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  • Case report
  • Open Access
  • Open Peer Review

Recurrent femoral shaft fractures in a child with gnathodiaphyseal dysplasia: a case report

BMC Musculoskeletal Disorders201920:92

https://doi.org/10.1186/s12891-019-2464-9

  • Received: 26 December 2018
  • Accepted: 12 February 2019
  • Published:
Open Peer Review reports

Abstract

Background

Gnathodiaphyseal dysplasia (GDD) is an extremely rare autosomal dominant disease characterized by cemento-osseous lesions in the jawbones, bone fragility, and diaphyseal sclerosis of the tubular bones. Patients with GDD are prone to sustain fractures by minor accidents. Although over 80 cases have been reported, detailed information about the orthopedic treatment of the fractures is limited.

Case presentation

A 9-year-old Japanese girl with a known history of GDD presented with pain and deformity in the left thigh after a minor fall. She had a displaced transverse fracture in the mid-shaft of the left femur and underwent a closed reduction and external fixation. In the 25th week after the initial surgery, she had another fracture in the left femur at one of the half-pin insertion sites. She underwent an external fixation again. After this operation, the patient sustained another refracture at the same fracture site and one supracondylar fracture at the distant site of the femur. The supracondylar fracture occurred without any triggering activity before beginning a weight-bearing exercise. The supracondylar fracture was successfully treated conservatively, but she sustained two more diaphyseal fractures at half-pin insertion sites one after another. She eventually underwent a revision surgery with a flexible intramedullary nail. At 3 months postoperatively, the fracture was healed and the patient maintained her ambulatory status without further refracture.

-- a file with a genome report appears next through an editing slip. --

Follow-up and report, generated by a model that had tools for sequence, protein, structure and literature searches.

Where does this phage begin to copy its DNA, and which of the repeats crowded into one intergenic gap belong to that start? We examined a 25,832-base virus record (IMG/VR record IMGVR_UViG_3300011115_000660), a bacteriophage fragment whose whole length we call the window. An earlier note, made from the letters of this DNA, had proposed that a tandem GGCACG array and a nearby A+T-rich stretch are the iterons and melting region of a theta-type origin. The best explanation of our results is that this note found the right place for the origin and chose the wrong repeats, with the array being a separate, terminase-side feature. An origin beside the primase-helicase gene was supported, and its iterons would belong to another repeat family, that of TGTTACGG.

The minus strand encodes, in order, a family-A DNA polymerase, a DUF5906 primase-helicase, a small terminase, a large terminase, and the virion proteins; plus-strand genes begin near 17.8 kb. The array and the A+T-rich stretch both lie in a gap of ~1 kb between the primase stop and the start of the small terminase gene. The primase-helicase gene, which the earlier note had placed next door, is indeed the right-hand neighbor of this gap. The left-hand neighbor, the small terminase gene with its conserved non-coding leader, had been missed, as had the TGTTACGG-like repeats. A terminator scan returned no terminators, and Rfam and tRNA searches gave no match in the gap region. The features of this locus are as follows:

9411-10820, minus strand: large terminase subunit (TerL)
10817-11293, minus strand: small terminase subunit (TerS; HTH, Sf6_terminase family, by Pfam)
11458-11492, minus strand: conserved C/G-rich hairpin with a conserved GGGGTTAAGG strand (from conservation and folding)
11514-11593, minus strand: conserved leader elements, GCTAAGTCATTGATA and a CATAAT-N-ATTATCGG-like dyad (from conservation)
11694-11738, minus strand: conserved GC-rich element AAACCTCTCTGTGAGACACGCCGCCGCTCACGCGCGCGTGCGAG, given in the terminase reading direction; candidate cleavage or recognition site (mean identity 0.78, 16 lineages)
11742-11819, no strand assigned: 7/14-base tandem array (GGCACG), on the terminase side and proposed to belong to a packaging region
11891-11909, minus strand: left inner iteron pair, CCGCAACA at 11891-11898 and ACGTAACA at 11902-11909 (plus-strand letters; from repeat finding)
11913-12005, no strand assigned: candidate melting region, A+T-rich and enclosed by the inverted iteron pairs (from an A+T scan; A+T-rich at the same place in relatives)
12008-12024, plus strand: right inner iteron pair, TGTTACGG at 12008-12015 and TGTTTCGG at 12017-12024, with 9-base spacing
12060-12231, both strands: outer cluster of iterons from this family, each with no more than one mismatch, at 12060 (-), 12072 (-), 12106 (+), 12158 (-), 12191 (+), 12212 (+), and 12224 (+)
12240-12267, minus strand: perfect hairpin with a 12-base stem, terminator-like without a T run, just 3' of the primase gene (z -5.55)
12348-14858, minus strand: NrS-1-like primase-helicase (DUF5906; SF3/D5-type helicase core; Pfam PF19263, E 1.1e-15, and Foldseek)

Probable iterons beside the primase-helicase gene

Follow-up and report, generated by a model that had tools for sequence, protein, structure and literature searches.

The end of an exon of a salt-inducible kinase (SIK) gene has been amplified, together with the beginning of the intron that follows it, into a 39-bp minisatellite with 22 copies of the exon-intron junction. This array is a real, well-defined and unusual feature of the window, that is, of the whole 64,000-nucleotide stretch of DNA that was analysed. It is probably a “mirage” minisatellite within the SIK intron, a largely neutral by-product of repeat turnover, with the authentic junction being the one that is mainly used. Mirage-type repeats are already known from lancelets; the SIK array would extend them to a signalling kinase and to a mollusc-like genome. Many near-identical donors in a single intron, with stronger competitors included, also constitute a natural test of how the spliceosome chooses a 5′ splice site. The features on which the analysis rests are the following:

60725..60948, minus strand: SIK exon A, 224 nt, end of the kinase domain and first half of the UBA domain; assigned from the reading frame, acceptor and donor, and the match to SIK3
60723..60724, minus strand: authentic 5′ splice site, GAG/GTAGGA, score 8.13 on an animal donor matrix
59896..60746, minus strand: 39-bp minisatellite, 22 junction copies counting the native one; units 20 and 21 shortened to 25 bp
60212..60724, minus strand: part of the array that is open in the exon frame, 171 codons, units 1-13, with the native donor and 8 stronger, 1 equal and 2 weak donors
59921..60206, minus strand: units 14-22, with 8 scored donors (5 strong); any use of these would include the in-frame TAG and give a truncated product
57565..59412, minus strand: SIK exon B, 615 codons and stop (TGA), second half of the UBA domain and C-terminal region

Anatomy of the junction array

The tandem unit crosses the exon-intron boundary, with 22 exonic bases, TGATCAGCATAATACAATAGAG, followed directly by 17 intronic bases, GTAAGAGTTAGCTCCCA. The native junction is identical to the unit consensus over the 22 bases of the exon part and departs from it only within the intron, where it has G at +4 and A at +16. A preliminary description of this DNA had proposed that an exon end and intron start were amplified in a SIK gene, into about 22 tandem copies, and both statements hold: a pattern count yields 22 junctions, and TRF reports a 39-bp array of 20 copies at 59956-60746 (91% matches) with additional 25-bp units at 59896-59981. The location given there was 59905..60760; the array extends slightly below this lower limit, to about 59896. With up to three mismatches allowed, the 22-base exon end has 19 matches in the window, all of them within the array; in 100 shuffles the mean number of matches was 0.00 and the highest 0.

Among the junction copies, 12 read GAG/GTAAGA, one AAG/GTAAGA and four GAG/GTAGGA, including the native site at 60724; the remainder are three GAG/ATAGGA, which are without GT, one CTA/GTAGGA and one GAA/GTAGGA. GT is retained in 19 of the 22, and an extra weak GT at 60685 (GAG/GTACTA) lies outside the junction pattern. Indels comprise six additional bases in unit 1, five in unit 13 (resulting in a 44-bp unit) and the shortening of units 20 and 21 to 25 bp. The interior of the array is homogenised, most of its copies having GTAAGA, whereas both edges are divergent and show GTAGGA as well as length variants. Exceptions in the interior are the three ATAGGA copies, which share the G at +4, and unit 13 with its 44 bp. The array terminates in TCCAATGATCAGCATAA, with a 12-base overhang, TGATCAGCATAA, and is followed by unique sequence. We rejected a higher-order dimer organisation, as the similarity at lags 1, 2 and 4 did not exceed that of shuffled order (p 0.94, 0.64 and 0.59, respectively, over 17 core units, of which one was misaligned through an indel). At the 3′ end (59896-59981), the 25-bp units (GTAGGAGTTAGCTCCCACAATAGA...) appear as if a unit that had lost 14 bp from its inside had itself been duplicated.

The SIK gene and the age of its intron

Conclusions

Patients with GDD might have narrower safety ranges of biomechanical and physiological drawbacks, which are considered to be acceptable in ordinary cases. The choice of treatment should be aimed at minimizing these negative effects. We recommend intramedullary devise as the first-choice implant for the treatment of isolated femoral shaft fracture in GDD patients in this age group.

Keywords

  • Gnathodiaphyseal dysplasia
  • Femoral shaft fractures
  • Recurrent fracture
  • External fixation
  • Intramedullary devise

Background